Within the POSSE framework, questioning tends to be embedded in the Predicting, Searching, and Evaluating stages of problem solving and is structured in a “Shared Inquiry Discussion” format that is designed to promote creative, thoughtful and critical thinking. As such, the leader continues to play a key role in the inquiry process. Within this framework, however, he or she avoids asking employees’ questions that tend to cause them to speculate about something that is outside immediate, contextual boundaries. He or she also avoids questions that tend to require making predictions about something.

Applying the POSSE Framework to Make Questioning Visible

How can employees become proficient in using questions effectively in their own problem solving/work-related situations? There are two major challenges associated with this question. First, while widely existing in any workplace, questions are so common that employees tend to simply take the process for granted, rather than analyzing how the process of questioning works. Which is, how questions are formed, the purposes they serve and the information sources they probe. Second, even when the questioning process is discussed and detailed to make it “visible,” employees still need opportunities to engage in active questioning practices themselves. The goal of the questioning process should be to increase and enhance proficiency in seeking out information and to generate higher levels of insight and understanding.

There are specific ways in which to practice the skill of questioning for reaching this goal:

Think Aloud Sessions

A “Think Aloud Session” is one way to make a relatively common or invisible process like questioning to identify important information more visible by allowing employees to share insights, reasoning and perceptions through the art of inquiry and the language of questioning to generate positive results. When a leader applies Think Aloud Sessions, they should model or demonstrate “Questioning Use Strategies,” and the vocabulary of “Question-Answer Relationships” (see below).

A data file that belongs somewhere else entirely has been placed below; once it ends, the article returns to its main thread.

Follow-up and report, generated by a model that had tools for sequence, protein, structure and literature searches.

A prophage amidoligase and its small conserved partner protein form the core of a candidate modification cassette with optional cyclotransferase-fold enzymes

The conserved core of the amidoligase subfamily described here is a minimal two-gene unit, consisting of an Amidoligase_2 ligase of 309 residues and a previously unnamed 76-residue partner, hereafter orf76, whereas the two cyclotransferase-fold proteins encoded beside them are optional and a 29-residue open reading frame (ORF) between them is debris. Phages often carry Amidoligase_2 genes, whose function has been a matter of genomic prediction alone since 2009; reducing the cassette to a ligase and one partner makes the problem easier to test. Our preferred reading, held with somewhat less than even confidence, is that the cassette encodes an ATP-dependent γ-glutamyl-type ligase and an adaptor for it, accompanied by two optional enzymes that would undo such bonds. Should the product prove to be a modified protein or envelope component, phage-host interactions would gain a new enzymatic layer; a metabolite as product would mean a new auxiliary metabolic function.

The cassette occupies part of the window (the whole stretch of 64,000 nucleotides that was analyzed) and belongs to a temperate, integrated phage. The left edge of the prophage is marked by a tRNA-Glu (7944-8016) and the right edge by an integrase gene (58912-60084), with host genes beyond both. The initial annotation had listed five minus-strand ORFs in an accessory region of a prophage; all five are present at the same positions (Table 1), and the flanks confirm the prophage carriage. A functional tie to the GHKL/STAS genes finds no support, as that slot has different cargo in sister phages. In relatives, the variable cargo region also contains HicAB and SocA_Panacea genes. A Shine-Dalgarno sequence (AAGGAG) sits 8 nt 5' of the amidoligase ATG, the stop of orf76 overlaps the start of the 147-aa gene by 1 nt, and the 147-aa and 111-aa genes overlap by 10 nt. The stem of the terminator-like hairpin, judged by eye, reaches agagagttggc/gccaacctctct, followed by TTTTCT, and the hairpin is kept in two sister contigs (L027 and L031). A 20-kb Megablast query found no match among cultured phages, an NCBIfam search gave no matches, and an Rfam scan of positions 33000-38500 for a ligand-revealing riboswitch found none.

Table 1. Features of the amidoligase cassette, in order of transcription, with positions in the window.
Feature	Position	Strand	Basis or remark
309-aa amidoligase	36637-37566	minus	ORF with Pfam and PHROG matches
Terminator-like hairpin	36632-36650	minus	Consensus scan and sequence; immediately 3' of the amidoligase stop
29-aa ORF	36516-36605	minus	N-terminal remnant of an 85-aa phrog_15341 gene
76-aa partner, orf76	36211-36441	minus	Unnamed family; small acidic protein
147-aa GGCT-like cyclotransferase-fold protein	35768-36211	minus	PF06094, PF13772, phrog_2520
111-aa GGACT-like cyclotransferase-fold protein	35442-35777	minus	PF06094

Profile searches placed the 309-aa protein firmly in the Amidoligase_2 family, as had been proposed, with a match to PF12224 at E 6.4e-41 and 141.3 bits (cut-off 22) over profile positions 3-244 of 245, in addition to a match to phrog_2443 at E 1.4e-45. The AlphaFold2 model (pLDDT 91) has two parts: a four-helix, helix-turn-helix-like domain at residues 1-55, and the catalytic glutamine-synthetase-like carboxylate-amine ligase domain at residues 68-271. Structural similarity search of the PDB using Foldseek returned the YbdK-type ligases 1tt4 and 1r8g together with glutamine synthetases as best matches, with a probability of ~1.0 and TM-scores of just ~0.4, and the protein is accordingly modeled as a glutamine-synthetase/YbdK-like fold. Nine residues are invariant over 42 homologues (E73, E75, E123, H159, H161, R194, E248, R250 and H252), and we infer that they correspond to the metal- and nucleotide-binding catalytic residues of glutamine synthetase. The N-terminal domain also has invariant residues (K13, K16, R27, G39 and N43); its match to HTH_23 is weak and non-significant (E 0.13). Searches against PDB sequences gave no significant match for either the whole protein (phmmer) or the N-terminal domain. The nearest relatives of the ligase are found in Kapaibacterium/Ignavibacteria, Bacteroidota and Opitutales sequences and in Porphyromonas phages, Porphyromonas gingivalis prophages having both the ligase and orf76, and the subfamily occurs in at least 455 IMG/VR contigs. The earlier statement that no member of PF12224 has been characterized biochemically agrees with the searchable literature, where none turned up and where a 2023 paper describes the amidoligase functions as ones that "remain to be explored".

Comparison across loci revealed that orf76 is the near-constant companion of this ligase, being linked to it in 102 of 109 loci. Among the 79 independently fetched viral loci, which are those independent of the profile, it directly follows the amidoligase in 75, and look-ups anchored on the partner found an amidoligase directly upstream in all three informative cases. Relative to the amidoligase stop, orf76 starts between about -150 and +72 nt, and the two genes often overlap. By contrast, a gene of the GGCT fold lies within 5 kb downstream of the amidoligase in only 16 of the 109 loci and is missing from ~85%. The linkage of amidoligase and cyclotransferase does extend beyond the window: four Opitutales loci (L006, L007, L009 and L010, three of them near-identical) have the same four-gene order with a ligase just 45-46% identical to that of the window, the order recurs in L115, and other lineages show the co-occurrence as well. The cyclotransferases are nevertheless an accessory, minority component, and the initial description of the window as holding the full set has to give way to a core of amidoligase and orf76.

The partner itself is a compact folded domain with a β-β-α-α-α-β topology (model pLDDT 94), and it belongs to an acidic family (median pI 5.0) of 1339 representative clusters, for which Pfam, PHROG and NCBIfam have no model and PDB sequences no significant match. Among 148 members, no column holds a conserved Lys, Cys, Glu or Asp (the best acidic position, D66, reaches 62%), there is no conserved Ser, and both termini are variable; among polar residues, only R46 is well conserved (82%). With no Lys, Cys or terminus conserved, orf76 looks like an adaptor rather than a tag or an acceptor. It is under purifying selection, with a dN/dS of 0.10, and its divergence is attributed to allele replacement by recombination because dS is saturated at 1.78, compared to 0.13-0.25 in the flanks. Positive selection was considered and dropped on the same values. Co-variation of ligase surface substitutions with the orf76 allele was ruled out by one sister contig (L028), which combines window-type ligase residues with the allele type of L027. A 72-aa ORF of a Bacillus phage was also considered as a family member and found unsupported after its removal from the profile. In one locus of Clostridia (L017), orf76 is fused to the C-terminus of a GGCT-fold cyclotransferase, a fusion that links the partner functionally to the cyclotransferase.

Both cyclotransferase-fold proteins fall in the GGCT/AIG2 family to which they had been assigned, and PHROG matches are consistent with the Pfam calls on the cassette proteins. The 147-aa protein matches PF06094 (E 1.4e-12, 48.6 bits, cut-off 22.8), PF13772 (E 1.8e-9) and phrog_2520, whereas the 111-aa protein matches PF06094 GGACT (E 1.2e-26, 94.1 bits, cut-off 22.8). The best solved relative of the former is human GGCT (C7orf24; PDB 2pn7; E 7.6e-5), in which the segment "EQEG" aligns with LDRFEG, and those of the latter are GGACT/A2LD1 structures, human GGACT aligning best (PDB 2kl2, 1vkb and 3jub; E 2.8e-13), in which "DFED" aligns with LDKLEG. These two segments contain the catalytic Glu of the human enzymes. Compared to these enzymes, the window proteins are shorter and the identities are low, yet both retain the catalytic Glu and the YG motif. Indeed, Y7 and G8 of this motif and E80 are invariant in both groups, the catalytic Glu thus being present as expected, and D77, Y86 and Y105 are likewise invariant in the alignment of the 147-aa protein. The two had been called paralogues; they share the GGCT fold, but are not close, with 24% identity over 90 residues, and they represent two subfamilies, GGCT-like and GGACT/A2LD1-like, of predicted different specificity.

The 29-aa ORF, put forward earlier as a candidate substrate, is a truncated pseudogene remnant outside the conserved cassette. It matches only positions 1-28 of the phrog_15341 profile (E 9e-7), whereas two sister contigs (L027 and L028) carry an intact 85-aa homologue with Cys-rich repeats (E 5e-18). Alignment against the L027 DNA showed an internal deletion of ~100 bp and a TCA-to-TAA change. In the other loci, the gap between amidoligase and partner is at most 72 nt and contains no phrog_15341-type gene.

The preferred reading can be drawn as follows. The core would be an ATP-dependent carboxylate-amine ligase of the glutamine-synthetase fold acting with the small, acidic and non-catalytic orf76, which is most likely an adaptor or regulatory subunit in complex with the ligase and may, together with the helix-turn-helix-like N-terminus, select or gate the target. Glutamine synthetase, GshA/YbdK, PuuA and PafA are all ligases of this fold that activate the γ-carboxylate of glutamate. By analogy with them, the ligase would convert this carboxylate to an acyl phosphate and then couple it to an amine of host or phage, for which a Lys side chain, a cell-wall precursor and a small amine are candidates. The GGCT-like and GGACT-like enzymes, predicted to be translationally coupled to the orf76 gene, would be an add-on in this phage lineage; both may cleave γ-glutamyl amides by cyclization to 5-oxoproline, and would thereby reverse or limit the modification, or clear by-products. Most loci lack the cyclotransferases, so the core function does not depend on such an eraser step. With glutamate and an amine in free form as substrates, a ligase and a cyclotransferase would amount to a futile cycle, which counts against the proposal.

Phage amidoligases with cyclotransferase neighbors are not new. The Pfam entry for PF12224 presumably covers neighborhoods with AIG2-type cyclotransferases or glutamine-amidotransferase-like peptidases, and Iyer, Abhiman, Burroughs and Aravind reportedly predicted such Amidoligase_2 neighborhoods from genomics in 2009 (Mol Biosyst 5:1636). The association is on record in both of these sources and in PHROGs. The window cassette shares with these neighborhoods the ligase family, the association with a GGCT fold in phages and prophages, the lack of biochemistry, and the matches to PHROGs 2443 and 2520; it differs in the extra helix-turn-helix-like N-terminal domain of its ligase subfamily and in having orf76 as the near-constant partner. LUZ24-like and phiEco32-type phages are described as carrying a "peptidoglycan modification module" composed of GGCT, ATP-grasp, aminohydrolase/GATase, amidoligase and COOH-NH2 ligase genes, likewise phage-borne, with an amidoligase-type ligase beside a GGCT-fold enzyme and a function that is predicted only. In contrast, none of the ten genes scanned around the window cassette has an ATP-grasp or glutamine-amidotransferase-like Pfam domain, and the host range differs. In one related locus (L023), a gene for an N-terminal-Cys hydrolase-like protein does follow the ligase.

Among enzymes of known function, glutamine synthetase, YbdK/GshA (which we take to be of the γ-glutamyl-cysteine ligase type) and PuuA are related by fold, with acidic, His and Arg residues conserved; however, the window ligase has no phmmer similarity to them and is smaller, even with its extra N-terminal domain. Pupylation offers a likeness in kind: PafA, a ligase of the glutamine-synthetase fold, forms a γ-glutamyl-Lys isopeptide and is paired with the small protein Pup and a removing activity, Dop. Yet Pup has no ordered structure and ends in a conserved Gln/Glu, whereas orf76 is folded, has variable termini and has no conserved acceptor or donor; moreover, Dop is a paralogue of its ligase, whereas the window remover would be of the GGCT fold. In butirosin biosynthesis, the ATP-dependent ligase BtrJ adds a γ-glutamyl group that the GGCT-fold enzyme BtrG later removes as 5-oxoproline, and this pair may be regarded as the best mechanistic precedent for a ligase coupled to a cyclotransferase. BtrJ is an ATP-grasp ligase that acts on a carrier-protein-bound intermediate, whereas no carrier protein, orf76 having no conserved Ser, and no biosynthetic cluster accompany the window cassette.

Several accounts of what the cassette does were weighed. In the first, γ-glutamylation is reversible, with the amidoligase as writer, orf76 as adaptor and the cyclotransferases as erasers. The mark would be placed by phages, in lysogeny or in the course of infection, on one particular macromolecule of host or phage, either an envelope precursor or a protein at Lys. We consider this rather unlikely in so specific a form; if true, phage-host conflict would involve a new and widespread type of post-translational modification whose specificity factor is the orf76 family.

Creating Question-Answer Relationships (QAR)

A Question-Answer Relationship is an effective questioning strategy, which emphasizes that a relationship exists between certain questions asked, the material presented, and the background of the responders. In this strategy, employees need to rely on four question/answer relationships or descriptors to find the information they need in order to effectively answer the question(s) being asked.

Question-Answer Relationships help employees and the leader develop a shared, common language for discussing and understanding how particular questions are designed to function. The leader may need to introduce QAR and to explain the four types of question/answer relationships that it encompasses:

Consider and Explore – The answer exists, but employees need to put together different pieces of information to obtain it. This is the most common QAR.

Right Here – The answer resides within the question and is usually easy to comprehend. The information is found without much effort.